Review: CHILDREN OF THE FLAMES by Lucette Matalon Lagnado and Sheila Cohn Dekel

Among the books I read for the WWII reading challenge was Children of the Flames:  Dr. Josef Mengele and the Untold Story of the Twins of Auschwitz by Lucette Matalon Lagnado and Sheila Cohn Dekel.  Here’s an excerpt from the review I posted on Diary of an Eccentric:

Children of the Flames isn’t for the faint of heart, but I highly recommend it if you’re interested in a different kind of Holocaust story and are curious about the hunt for Nazi war criminals. Be prepared to cry and get angry at the injustice of it all. While I can’t say I “enjoyed” the book given its subject matter, Children of the Flames was powerful, informative, and eye-opening.

Read my full review here.

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  1. I do not meaning to slam this work, but it’s not a very good one. “Children of the Flames” does not set out to be a bad book. It tries to follow the experiences of several Mengele twins chronologically from before the War throughout the lives of the interviewees. The style of chronicling the lives of many people in this way might work for a newspaper series that is broken into stages over many days, but for a book, it doesn’t quite work. Many of the people I spoke to who read the book find that they are referring back to the beginning of it to be sure they are reading about who they think they are reading about. It’s as if the authors took a documentary style of storytelling and put it in print. For a subject with players from so many different places, you would think it would still work. It doesn’t.

    My own uncle is featured prominently in the book – Zvi the Sailor. The significant detail you need to know before you put down good money for this work is that it is not accurate. A prominent Mengele twin who greatly assisted in the creation of the book disowns it for its inaccuracies and poor writing. My father, Zvi’s twin, was never interviewed for his account. In fact, the book contributed to a rift between the twins that did not resolve for many years.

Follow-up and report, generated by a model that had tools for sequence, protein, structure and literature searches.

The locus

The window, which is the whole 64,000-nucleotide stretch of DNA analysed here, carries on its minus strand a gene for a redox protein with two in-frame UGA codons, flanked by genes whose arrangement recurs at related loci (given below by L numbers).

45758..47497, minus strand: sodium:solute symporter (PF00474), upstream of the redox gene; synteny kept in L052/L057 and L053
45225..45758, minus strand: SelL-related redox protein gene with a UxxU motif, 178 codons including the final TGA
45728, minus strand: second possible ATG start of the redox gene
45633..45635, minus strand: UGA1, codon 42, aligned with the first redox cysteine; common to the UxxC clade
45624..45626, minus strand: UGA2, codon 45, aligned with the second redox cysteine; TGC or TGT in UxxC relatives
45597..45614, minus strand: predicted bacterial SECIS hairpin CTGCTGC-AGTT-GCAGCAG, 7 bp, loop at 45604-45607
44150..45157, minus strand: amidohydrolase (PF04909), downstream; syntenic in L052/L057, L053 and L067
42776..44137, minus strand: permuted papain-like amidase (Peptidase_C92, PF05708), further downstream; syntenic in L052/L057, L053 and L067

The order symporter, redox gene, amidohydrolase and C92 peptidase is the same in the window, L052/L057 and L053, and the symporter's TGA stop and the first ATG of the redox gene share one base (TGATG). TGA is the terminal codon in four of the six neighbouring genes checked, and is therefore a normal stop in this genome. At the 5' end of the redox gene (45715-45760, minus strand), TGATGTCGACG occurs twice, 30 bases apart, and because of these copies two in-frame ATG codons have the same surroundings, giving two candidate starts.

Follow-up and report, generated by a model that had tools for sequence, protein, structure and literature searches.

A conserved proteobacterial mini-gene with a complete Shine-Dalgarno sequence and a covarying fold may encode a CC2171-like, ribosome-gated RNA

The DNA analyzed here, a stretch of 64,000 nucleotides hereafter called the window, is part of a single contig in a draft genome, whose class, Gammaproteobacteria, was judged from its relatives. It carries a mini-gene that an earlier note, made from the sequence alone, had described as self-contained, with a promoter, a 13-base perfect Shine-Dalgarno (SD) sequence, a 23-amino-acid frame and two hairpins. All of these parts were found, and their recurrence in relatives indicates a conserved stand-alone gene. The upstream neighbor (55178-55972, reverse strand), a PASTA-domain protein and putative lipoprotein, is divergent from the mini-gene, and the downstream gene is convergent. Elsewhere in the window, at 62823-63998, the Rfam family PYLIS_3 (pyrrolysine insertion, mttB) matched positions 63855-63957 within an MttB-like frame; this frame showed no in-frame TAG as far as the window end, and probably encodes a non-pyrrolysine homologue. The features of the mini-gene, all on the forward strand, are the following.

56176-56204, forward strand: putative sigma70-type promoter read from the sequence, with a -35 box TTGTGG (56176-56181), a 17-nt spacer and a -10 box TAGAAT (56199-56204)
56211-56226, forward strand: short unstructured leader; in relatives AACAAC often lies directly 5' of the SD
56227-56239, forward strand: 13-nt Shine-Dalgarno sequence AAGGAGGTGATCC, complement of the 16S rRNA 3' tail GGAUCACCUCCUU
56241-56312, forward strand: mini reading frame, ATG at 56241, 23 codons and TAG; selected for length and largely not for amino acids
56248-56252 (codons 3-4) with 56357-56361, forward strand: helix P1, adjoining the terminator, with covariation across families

The irony is that one of the authors is a writer for the Wall Street Journal and Sami Rohr recipient. With credentials like hers, you would expect better in this book. Lucette Lagnado very kindly replied to me within 24 hours (during a book tour on New Year’s Eve, no less) when I asked her why she never interviewed my father. I told her of how the book added to the estrangement. Her answer was a weak and disappointing one, if honest and open, for an investigative journalist: She couldn’t find him. If you read the book, Zvi the Sailor claims he sent his twin brother, my father, money from Israel to America. So she could have found my father and made the deliberate choice not to. She did not find the juxtaposition of twin viewpoints as a compelling reason to seek out a living twin in the U.S. where she lived.

  2. Neal,

    Thank you very much for informing us of this. Are any of the twins who deem the book inaccurate planning to tell their stories themselves? I’d definitely be interested in hearing their take on the events.


  3. I would prefer not to speak for someone else, but I can strongly suggest you contact Eva Mozes Kor of C.A.N.D.L.E.S. for her opinion on this work. She was a major contributor to the co-authors, and she is open about her opinions on this book if you ask her.

    She is also a true expert on the subject. She and her sister were Mengele twins around the same time my father and his brother were in Birkenau. Eva has not only taken the experience and healed from it, but she has educated others in written works and film. She understands this subject in a professorial way, and she has campaigned for Holocaust experimental subjects to be regarded specially.

    If you want a different take on the book from another twin, Eva leaps to mind. If you find my uncle, Tzvi Klein in Ramat Sapir, (Zvi the Sailor) you can ask him what he thought of the way the book created a rift between him and his brother.

  4. Thanks, Neal. I’ll look into that. I appreciate your comments on a very important subject.


  5. So sad 😦 ,please send my greatest respects and warmest wishes to your father,

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